Sometimes the effects of opioids on the gastrointestinal tract are therapeutic, but more often they are problematic and undesirable. All of the commonly used opioid agonists, such as morphine, meperidine, and fentanyl, can produce spasm of gastrointestinal smooth muscle. This may cause various side effects, including constipation, biliary colic, and delayed gastric emptying. Constipation occurs when intestinal transit time is increased due to a loss of normal peristalsis and increased sphincter tone. It can be a particularly debilitating problem in patients who require chronic opioid treatment because very little tolerance develops to this stimulant effect. Increased biliary pressure occurs when the gall bladder contracts against a closed or narrowed sphincter of Oddi. Passage of gastric contents into the proximal duodenum is delayed because there is increased tone at the gastroduodenal junction. This last effect is particularly important for anesthesiologists because analgesic premedication may increase the risk of aspiration or delay the absorption of orally administered drugs. All of these effects may be reversed or prevented with naloxone, but this is usually undesirable because the analgesic effects also will be antagonized.
The article by Murphy et al. in this issue of Anesthesiology  shows that selectively antagonizing the peripheral effects of morphine can prevent nearly all of the decrease in gastric emptying. The study design is simple and concise: Morphine is given to volunteers, either alone or with N-methyl naltrexone, a permanently charged competitive antagonist that cannot cross the blood-brain barrier. The rate of emptying is then measured with two validated techniques, bioimpedance and acetaminophen absorption. It should be clear that the existence of a peripheral opioid effect was never really in doubt because animal studies have long suggested that central nervous system and peripheral mechanisms are involved in opioid gastrointestinal effects.  Peripheral opioid effects clearly play a major role in the colon: For years, the most effective treatments for severe diarrhea have been loperamide and diphenoxylate, two poorly absorbed opioids. N-methyl naltrexone has already been shown to antagonize the inhibitory effects of morphine on human intestine in vitro  and in vivo.  It is true that different mechanisms may be involved in gastric emptying and intestinal peristalsis, but the complex apparatus of the enteric nervous system (including opioid receptors and opioid peptides) extends through both areas.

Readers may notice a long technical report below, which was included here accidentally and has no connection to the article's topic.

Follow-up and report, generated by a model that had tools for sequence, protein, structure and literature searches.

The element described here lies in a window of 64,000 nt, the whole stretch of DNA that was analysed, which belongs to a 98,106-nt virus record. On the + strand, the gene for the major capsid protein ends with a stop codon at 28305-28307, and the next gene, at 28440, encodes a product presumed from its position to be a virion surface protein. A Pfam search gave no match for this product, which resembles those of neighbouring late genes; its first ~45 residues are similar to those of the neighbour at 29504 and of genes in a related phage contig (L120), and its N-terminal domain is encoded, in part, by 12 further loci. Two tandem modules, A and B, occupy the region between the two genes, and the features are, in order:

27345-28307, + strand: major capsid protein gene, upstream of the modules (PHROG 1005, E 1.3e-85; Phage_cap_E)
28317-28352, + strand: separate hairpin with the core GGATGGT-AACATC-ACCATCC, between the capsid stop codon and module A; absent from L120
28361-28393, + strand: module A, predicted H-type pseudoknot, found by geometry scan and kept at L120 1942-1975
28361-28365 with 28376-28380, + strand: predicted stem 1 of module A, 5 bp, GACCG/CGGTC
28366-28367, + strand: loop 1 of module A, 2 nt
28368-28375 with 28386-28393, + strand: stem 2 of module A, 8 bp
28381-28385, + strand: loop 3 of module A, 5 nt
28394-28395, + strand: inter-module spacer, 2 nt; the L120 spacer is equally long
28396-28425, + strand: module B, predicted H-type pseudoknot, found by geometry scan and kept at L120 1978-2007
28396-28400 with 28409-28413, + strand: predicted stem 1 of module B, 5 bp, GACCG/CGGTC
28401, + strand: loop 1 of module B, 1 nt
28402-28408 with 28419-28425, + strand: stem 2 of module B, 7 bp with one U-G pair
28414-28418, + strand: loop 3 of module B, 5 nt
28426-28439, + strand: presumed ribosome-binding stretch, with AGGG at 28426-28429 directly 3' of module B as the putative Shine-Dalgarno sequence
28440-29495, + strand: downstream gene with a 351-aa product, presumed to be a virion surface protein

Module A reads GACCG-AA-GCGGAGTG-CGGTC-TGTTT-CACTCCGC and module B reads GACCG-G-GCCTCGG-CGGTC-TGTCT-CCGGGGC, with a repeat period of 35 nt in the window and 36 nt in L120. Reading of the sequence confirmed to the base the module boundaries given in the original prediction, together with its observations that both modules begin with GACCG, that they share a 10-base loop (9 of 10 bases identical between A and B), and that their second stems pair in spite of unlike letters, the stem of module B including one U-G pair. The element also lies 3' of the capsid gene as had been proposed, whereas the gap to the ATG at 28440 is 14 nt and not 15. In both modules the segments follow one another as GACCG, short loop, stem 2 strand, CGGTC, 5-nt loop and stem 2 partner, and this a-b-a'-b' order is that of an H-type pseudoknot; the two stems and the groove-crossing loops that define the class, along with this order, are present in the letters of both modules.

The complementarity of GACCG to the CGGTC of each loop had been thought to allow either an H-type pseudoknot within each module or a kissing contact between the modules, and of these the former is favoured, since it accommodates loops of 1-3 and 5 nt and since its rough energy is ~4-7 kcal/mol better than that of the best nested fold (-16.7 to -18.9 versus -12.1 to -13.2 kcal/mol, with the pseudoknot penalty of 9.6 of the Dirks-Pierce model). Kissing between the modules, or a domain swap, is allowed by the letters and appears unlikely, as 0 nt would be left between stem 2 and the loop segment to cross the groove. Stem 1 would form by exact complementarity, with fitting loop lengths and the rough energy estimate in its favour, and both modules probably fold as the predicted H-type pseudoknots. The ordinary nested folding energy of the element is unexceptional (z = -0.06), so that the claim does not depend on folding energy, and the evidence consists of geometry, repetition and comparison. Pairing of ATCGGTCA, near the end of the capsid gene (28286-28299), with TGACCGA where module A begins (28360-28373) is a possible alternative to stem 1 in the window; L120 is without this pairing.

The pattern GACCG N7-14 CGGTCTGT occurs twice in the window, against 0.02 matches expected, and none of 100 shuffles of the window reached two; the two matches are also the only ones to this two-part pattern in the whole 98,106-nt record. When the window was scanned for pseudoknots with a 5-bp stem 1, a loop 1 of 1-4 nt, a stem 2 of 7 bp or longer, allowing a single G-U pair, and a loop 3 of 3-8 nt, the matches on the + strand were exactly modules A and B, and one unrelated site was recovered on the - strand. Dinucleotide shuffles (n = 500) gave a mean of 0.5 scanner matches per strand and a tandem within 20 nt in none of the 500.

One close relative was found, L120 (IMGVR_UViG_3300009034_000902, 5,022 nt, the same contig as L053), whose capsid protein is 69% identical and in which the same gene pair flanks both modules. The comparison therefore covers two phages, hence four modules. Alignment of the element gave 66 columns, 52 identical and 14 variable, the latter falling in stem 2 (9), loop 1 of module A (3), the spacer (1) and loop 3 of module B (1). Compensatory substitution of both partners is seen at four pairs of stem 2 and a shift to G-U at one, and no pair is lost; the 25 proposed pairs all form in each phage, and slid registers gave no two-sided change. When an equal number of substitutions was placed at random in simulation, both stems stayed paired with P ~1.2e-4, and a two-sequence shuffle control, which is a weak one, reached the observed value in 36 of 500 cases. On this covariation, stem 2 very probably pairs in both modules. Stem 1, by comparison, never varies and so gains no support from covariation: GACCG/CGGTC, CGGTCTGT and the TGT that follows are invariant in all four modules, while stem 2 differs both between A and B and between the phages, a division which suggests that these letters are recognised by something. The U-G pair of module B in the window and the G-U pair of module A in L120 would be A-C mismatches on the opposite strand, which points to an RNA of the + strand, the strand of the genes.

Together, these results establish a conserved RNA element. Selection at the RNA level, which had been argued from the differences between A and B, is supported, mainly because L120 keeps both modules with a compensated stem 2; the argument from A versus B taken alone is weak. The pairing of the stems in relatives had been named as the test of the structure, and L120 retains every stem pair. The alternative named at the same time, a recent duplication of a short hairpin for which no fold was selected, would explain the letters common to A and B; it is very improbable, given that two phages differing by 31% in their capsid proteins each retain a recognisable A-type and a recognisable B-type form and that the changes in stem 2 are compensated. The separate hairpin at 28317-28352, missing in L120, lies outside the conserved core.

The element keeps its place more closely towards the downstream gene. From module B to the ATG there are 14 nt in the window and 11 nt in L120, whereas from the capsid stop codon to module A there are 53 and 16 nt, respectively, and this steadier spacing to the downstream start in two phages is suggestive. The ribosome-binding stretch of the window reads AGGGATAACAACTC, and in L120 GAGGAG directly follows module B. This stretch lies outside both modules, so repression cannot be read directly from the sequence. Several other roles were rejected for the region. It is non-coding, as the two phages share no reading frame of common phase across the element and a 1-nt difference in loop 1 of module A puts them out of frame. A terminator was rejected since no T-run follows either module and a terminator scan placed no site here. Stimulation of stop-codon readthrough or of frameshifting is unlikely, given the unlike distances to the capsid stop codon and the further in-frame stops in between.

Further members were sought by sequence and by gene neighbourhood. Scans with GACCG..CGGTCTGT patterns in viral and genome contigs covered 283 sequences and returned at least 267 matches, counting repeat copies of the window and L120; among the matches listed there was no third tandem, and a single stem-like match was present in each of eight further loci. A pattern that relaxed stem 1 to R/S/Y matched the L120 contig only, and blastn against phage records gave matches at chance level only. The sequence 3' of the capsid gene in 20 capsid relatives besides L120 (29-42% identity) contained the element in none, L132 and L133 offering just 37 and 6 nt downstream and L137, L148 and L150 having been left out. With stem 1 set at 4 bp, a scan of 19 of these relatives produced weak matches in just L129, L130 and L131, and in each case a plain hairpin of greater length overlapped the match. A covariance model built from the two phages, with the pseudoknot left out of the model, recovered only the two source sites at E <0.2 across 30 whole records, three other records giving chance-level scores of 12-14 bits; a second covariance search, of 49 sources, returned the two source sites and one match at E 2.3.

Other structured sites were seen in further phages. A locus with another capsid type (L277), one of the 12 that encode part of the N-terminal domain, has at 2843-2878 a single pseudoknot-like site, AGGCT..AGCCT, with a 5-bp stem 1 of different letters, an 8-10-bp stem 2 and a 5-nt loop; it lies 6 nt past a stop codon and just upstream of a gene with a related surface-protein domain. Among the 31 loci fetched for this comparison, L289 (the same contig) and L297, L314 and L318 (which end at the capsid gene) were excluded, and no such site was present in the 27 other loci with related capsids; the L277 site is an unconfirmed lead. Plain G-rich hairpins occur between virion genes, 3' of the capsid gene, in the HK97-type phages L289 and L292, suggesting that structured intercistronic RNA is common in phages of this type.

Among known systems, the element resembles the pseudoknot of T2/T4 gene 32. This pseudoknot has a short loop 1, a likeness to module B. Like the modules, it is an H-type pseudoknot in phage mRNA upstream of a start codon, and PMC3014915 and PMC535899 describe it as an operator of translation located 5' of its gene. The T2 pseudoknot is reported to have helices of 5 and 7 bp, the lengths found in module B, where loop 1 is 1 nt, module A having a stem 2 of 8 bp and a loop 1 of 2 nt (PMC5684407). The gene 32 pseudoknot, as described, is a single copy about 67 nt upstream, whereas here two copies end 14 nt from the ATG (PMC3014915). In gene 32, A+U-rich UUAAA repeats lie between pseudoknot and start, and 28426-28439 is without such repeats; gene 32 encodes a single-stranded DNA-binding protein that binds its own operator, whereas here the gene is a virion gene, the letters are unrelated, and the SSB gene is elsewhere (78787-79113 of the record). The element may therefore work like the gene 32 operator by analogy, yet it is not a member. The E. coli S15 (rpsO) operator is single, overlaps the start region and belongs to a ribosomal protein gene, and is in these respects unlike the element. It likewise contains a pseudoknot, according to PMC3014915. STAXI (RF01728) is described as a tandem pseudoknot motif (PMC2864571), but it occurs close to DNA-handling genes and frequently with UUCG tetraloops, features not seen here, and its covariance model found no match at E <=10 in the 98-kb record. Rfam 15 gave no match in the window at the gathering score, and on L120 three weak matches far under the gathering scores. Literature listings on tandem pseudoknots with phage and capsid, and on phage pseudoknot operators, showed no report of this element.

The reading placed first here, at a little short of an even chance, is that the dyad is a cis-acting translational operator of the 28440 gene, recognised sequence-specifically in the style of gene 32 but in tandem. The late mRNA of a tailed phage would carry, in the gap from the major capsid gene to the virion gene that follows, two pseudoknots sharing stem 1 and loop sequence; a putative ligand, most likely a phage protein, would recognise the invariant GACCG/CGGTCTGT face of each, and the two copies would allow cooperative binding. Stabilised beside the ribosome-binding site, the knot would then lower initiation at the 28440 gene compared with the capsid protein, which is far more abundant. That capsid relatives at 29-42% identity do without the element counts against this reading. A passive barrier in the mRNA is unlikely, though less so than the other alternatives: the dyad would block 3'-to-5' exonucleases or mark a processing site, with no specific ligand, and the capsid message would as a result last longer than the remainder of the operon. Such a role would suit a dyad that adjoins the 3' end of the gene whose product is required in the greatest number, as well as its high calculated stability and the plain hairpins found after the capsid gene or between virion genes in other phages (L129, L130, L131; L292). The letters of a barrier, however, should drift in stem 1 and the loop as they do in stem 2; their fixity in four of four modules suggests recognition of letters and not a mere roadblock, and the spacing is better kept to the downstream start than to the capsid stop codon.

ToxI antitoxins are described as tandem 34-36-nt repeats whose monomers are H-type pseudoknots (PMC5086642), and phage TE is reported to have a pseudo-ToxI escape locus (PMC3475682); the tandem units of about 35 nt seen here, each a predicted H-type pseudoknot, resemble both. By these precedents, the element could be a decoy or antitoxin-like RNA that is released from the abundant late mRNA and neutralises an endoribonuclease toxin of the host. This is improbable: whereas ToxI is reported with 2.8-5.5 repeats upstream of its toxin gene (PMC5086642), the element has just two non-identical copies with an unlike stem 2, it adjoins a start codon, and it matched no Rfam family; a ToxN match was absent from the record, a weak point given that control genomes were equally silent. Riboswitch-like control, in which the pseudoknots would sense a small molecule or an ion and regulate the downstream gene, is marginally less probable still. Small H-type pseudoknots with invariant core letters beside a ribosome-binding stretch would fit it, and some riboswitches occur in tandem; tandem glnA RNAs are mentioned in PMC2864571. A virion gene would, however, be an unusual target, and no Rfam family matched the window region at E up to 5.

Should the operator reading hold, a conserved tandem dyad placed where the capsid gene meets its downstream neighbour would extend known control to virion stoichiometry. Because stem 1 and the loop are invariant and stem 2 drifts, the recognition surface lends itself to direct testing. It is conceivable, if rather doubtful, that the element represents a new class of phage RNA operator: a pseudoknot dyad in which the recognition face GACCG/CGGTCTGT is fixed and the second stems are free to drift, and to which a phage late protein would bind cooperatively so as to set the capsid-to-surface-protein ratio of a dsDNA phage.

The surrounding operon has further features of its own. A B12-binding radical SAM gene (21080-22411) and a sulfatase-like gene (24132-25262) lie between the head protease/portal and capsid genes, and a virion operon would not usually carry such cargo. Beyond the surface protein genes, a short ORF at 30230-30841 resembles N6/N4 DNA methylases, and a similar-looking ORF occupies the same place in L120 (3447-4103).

The value of this study, then, is the demonstration that peripheral antagonism may be a clinically useful treatment for this particular opioid side effect. A single dose of morphine produced significant effects in these healthy volunteers: The stomach took four times as long to empty plain water, and there was a threefold decrease in the peak plasma concentration of acetaminophen. The antagonist prevented these changes at a dose that is unlikely to produce toxicity or to reverse analgesia. 
Where does this leave us? N-methyl naltrexone is an investigational drug, and it has been given “orphan” status by the Food and Drug Administration. The results of this limited study are clear but not definitive. We will eventually need to have data on a range of antagonist doses and the onset and duration of antagonism. We also need to see the effect of the antagonist alone on gastric emptying-perhaps it will reverse endogenous opioid tone in the stomach! Most importantly, we need to define the clinical populations at risk who might benefit from the prophylactic or therapeutic use of this new drug.
Carl E. Rosow, M.D., Ph.D.
Associate Professor of Anaesthesia, Harvard Medical School; Anesthetist, Department of Anesthesia and Critical Care; Massachusetts General Hospital; 55 Fruit Street; Boston, Massachusetts 02114–2696
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